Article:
Time to step up from star ratings and write that book review
You’ve read a book. Now you are being kind and leaving a star rating. That’s more than most people do. But is it actually helpful?
Well, for the author, having lots of ratings will improve their book’s chances of doing well. But for readers, it’s a different story.
There are several reasons why leaving a star rating with no written book review is less helpful than you might think. Not least because big retailers like Amazon will basically ignore it.
Amazon doesn’t consider customer ratings without an Amazon Verified Purchase status in a product’s overall star rating. Unless the customer adds more details. What does that mean? If you got an ebook during a promotion, downloaded a title through Kindle Unlimited, or were given a book as a gift, your rating won’t count unless you provide a written review.
Another reason why star ratings are of limited use, is that they are ambiguous.
Let’s talk numbers
A four star rating could mean this book is good. There is nothing wrong with it, it’s just not one of my absolute favourites.
Or it could mean this story is absolutely amazing but the style of writing made it difficult for me to read. This is something another reader would want to know.
A three star rating could mean there was nothing special about this book. But there was nothing wrong with it either.
Or it could mean there was something amazing about this book. But the lack of research, or grammar and punctuation, spoiled it for me. These are also things another reader would want to know.
A two star rating could mean this is a poor concept for a story. Or it’s a good concept but the writing isn’t up to scratch.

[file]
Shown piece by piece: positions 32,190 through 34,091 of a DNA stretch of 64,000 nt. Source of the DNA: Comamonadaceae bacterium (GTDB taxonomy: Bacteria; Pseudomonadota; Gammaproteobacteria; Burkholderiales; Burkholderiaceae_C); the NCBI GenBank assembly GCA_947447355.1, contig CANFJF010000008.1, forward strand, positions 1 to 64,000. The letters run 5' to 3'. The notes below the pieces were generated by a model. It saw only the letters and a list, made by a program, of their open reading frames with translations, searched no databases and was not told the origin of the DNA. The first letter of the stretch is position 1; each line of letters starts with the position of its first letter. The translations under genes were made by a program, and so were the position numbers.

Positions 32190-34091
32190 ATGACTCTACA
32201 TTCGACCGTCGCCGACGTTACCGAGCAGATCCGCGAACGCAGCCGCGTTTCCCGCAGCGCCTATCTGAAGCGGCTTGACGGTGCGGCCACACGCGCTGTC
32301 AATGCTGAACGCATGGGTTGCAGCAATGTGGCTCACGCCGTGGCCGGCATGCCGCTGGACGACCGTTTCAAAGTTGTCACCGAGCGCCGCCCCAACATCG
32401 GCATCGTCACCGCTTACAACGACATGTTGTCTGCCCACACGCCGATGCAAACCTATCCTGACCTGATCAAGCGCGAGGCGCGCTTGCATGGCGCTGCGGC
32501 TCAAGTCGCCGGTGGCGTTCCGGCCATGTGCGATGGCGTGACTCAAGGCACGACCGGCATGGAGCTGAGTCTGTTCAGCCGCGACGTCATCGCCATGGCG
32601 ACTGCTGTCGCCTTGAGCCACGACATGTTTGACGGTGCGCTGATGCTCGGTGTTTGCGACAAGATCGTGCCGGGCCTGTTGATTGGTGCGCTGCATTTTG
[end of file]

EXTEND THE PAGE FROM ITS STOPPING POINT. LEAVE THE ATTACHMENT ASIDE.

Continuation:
It could also mean there are disturbing scenes in the book and no trigger warnings. Or it could simply mean the cover looks like a different genre and this isn’t the type of book I wanted.
If you are giving a two star rating, a written review will tell the author where they went wrong. This could help them improve. There may even be a really simple fix, like adding trigger warnings to the book description.
You see what I mean about ambiguous ratings?
So, how do you go about writing a helpful review?
Think about your audience
When you leave a book review, the author’s audience becomes your audience. And a characteristic of large audiences is diversity. The key thing to remember when leaving a book review is that the people reading your review are not like you.
They may read to help improve their spelling. They may be neurodiverse and find very long sentences or chapters challenging. They may read out loud to someone who cannot read for themselves. Their first language may not be English. They may have a mental health problem that is exacerbated by reading about certain topics.
There are all sorts of readers and many of them will have questions about books they are considering. Remembering the diversity of the audience can help you identify points worth noting.
Including anything you loved about the book is always helpful! One last thing to bear in mind is…
It doesn’t matter how well written your book review is. Nobody will be grading it. What matters is the knowledge you have that could help someone else.
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